Thursday, December 03, 2009

Frustrations come and go

Since Thanksgiving I’ve been giving many thanks to the computer specialist at The Shlenker School for helping me straighten most of the problems we had with the function of the MP3 recorders/players. We are using these for two main functions:
1. The students record themselves instead of writing things down: answers to assessment questions, making sentences with new vocabulary words, telling short stories… I then retrieve the recordings by listening to the MP3 on a media playing software on my computer, check answers or type their recorded work for them if appropriate.
2. The teacher record items ahead of time: instructions for assignments, comprehension questions, prayers or the story we work on for auditory learners to use as a study supplement… the students listen with headphones and do the activities.
However, until now only the recording function of the MP3 worked as intended. Replaying recording on the MP3 produced inconsistent results, and was too unreliable for use in class. Ms. Williams investigated and reset the system, and now it is possible to play back a recording and listen to it on an MP3 as well as on a computer. During the time Ms. Williams had the MP3 devices in her posession the students felt keenly the temporary loss and kept asking when they can use them again, which showed me how much the technology became part of the class routine.
But with one technological frustration solved, another surfaces… I’m using my tablet pc to help record authentic assessment of language in the class: I carry it around during class and grade students’ sentences using a simple chart. The tablet is relatively lightweight and portable, but when it is taken off its base to be carried around it is separated from my favorite rodent: the computer mouse. Instead it comes with a stylus, which I find a very poor replacement. Here’s an example how this can hinder the assessment process:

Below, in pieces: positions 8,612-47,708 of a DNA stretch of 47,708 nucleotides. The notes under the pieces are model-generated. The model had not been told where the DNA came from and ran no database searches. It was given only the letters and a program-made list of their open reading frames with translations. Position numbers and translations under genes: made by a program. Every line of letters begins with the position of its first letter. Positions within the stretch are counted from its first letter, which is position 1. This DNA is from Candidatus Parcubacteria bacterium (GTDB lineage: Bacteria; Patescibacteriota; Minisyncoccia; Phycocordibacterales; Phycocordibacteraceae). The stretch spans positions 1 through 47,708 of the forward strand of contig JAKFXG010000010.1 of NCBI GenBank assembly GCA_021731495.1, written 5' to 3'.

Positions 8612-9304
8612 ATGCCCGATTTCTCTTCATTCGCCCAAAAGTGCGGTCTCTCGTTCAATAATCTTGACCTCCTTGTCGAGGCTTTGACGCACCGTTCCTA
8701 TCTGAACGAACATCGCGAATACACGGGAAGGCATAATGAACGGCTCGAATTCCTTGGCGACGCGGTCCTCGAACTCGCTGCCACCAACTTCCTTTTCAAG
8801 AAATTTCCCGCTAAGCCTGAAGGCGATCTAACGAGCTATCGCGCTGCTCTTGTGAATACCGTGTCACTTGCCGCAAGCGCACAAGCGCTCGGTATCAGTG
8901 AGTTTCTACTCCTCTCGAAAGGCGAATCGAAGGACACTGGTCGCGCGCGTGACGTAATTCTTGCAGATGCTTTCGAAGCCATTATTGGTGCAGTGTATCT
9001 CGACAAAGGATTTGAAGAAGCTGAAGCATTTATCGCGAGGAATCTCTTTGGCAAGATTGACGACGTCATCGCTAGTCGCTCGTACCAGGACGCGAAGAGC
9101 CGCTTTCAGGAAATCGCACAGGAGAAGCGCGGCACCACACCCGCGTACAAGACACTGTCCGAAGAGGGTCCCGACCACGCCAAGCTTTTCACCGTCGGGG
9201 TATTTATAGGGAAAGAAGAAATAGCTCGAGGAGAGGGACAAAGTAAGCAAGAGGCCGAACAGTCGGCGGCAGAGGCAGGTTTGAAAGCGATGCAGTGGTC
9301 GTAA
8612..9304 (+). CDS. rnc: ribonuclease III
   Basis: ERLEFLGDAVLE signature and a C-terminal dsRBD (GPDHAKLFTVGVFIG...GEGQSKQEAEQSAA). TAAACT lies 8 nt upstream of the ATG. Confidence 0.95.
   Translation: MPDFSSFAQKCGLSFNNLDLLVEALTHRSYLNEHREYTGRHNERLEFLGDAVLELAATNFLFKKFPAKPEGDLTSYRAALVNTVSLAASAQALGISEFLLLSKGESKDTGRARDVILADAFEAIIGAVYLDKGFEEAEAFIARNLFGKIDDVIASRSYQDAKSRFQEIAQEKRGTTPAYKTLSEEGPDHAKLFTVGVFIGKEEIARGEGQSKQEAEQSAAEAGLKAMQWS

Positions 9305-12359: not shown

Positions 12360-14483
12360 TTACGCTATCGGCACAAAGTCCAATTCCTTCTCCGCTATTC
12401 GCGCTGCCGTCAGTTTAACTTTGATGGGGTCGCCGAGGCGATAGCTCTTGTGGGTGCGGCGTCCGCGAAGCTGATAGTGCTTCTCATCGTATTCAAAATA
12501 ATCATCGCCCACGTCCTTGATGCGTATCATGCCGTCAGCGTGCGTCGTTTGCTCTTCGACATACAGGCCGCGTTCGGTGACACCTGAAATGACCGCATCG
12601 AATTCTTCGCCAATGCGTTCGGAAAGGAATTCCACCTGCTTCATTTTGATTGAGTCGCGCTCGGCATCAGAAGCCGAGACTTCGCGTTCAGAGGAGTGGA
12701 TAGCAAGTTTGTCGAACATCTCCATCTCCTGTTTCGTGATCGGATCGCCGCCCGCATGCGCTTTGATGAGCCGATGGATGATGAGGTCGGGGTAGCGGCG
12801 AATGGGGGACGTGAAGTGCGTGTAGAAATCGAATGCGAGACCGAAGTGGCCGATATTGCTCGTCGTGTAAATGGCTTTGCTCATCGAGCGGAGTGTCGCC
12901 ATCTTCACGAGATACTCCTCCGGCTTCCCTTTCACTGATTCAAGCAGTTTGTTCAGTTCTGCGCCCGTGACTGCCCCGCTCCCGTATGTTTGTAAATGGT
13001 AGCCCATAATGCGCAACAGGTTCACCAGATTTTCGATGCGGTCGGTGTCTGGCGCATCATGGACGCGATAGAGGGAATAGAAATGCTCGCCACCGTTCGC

Today 3rd grade were ready to start using the new Chanukah vocabulary words in conversation. Charged with Chanukah spirit they sat in groups around two tables, vocabulary cards on the word-chart on the board to prompt them. My laptop was set ahead of time with the grading chart displayed on the screen, and then disaster struck: by mistake the stylus (of course it wasn’t me!) clicked on the X at the top right of the page and the worksheet closed. Now I had to reopen it quickly. I started clicking the stylus all over the screen, but things didn’t go right. In the background I could hear wonderful Hebrew flowing and Chanukah themed sentences in the air, and I was missing it all! I ended up taking the tablet back to its base and using the mouse to reopen the worksheet. I was back in time for a few more minutes, but it demonstrated to me how an advanced technology can become ineffective because of one small detail. I wonder if anyone else has experience using a tablet pc or similar laptop with a stylus and can give me tips how to improve my control over it.
We are getting ready for some Chanukah "writing" projects in which the MP3 will take a starring role. Perhaps I'll write about it next time.

1 comment:

Judy said...

This reminds me of something I say over and over to the staff at our school: technology should make your life simpler, not more difficult! I haven't used a tablet myself but I have used a slate made by SMARTBoard and it takes a lot of getting used to.